Explorations in Black Leadership

Co-Directed by Phyllis Leffler & Julian Bond

Influence of YWCA

BOND: Now, you go to the YWCA and when you come, it's focused, as one would think, on women -- improving lives for women.


BOND: When you leave, it has changed its focus to focus almost exclusively on eliminating racism. It seems to me that's a big jump.

HEIGHT: Yes. Yeah, when I went in, in 1944 I was a secretary for integration of education, and I had the experience of two years later going to the convention, where the issue was before -- it was really desegregating. And I had Dr. [Benjamin] Mays come, and he said to the group, "If you have a Christian purpose, and I hear so many saying the time isn't ripe, but in light of your purpose, it's your job to ripen the time." That was a helpful thing, because what I tried to do was to bring into the YWCA those who could communicate what was necessary.

From that action, where the YWCA adopted the Interracial Charter, with some leaving because they were very unhappy about it, but the commitment began there, and by 1970, having gone through a lot of different things, in a conference of black women, we came up saying the YWCA had seven purposes, seven objectives, as it came into convention: To eliminate poverty, to eliminate war, to eliminate racism, and it went on and on. But the women, in a conference of five hundred black women -- and that was a risk that I had to take, because even some of the black members said, "Why are you calling for a segregated meeting?"

But the five hundred women met and they said -- I did not have this on an agenda when I went into it -- after three days of looking at it and seeing the role women of color had played, and realizing that they were in an organization which in 1895, when it started with a racial branch, there was not any major group drawn from the large majority population in the country that would have had a black executive and had an institution. So what we were -- what we'd call advanced then was now something we were ready to give up and to say we will work for the full integration of people.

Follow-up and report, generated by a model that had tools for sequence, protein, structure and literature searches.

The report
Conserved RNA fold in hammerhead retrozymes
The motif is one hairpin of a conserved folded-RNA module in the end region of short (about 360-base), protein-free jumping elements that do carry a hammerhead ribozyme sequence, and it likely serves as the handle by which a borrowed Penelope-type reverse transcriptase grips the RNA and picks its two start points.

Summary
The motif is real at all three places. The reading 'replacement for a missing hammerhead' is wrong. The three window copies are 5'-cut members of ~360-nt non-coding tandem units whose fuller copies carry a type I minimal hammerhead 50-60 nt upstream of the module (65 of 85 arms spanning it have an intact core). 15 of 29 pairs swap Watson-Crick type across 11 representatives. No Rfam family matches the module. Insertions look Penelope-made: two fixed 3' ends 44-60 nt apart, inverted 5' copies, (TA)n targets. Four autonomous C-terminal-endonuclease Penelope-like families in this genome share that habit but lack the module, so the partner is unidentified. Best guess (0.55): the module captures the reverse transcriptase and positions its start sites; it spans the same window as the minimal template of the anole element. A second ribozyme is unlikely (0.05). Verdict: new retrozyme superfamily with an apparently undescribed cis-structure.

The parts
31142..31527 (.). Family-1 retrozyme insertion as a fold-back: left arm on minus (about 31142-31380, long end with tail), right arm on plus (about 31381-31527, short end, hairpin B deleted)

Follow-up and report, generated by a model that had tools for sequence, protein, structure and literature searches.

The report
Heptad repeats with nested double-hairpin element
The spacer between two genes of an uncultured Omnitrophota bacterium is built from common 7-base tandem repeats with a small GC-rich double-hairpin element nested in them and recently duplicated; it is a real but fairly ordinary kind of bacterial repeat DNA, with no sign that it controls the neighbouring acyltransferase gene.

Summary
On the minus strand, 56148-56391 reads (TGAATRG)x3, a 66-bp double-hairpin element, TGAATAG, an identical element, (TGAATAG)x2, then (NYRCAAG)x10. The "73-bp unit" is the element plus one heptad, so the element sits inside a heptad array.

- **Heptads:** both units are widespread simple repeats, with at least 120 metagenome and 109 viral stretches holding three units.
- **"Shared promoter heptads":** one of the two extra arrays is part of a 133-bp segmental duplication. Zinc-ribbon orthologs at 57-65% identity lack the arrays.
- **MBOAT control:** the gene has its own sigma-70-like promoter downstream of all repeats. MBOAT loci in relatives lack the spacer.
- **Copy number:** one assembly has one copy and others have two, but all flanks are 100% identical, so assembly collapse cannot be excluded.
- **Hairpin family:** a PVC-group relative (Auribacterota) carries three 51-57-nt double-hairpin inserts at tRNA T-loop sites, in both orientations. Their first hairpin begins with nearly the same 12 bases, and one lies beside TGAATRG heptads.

And so we went into the convention and said, "The YWCA wants to thrust our collective power towards the elimination of racism wherever it exists, by any means necessary." Now that, for me, let me see the value of being as a staff person, but also taking the leadership and not trying to do it myself, but bringing in people who could help the YWCA, but also to lift up all of those women from the South and all over who strongly said, "Given our purpose, we cannot tolerate talking about segregation in a society and tolerate it within our own membership." So that's why I have to say that I think organizations like that are very important. But I have to credit the fact -- and as I said, if you look at my bio and you see I entered as the secretary for Interracial Education. After thirty-three years I retired as the director of the Office of Racial Justice. And that shows you the advances that the YWCA movement made.